BACKGROUND OF THE INVENTION
In U.S. Pat. Nos. 3,485,521 and 4,278,281 there are disclosed seals of the padlock type, in which the body is formed of a synthetic organic plastic, with a pair of apertures opening to one end of the body, and having a shackle formed of a piece of U-shaped wire having legs with reversely bent end portions. The end portions, when inserted into the body apertures, are intended to be locked therein by the fact that the end portion is maintained in a flexed condition so that the extreme end portion digs into a wall of the aperture and prevents removal. However it has been found that on occasion unauthorized persons have been able to work an end of the shackle out of its aperture without leaving evidence of tampering. It has been proposed that the ends of the shackle should be sharpened to increase their ability to dig into the aperture wall and prevent removal. However in either of the devices shown in the above mentioned patents, when excessive tension is applied to a leg of the shackle in an effort to pull it out of the housing, the end of the shackle will often pierce through the wall of the housing and protrude therefrom. Although this gives visual evidence of tampering, it has been found that the protruding end of the wire can be hazardous to personnel handling the assembled seals or the sealed article, and the provision of a sharpened end would considerably increase this hazard.
SUMMARY OF THE INVENTION
This invention provides a seal of the padlock type which comprises a plastic body having a pair of apertures for receiving a wire shackle which is generally U-shaped with legs having reversely bent ends which are dimensioned to be maintained in a flexed condition when inserted into the seal body apertures.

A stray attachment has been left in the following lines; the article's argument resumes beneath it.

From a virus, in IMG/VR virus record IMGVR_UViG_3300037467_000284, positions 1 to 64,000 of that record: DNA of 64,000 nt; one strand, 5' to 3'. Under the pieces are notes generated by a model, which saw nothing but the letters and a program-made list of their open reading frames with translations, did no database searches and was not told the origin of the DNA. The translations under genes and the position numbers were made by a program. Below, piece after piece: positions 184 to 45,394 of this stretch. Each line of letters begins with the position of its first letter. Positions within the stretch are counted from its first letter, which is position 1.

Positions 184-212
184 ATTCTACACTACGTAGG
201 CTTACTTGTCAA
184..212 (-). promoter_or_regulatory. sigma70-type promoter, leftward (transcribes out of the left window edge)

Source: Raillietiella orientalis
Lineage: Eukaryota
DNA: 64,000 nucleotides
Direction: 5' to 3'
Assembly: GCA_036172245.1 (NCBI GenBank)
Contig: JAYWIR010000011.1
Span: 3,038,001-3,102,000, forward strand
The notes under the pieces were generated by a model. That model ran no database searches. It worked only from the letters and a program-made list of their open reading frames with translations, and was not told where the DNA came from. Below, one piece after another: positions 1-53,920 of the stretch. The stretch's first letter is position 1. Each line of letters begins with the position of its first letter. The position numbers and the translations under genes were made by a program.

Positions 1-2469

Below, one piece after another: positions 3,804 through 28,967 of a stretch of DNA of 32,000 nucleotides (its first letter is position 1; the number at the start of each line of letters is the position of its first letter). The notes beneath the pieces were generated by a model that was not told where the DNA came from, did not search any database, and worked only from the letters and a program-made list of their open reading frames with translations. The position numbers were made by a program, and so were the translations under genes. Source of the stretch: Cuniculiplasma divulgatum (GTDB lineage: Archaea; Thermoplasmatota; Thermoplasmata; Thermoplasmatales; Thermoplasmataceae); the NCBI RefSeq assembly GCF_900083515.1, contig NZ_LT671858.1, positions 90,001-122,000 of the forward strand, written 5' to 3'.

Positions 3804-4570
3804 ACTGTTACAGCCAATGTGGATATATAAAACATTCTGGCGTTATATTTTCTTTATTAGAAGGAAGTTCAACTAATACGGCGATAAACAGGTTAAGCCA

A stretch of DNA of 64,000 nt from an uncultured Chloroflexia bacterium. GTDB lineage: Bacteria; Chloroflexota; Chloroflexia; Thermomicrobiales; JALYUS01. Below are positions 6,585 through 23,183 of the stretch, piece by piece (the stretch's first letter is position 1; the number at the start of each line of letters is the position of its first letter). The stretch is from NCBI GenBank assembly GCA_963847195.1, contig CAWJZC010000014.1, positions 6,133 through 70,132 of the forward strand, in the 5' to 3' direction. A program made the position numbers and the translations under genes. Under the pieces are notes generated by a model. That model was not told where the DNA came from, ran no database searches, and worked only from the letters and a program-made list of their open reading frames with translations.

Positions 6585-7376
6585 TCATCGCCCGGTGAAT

The extreme ends of the bent ends are provided with a sharp edge, such as by cutting the wire at an angle, so that said ends can readily pierce the housing when excessive tension is applied to the shackle legs. Means is provided for preventing the sharpened ends from protruding from the seal body after they have pierced the housing wall. For this purpose, in one embodiment of the invention, a groove is provided in at least one face of the seal body which extends between the apertures, and is so dimensioned and positioned that when sufficient tension is applied to one or both legs of the shackle in an attempt to pull the shackle out of the body, the end of the shackle will pierce the wall of the groove, and if the tension is great enough, the end of the shackle will cross the groove and pierce the other wall thereof. In either case the sharpened end of the shackle will not protrude from the seal body, yet visible evidence of tampering will appear in the groove. This evidence may, in some cases, be the wire itself crossing the groove, or in other cases may be a ridge of plastic extending across the bottom of the groove.
The depth of the groove or grooves in the body faces is such, in relation to the thickness of the body, that sufficient body material remains between the grooves that the body cannot be easily broken at the grooves, which would undesirable in that it could expose the sharpened end of the shackle.
The seal body is preferably made of pigmented plastic of a type, such as polypropylene, which produces a white blush when deformed. The ridge of plastic made by the end of the wire, in crossing the groove, has a milky white appearance that is readily visible against the background of the surrounding seal body.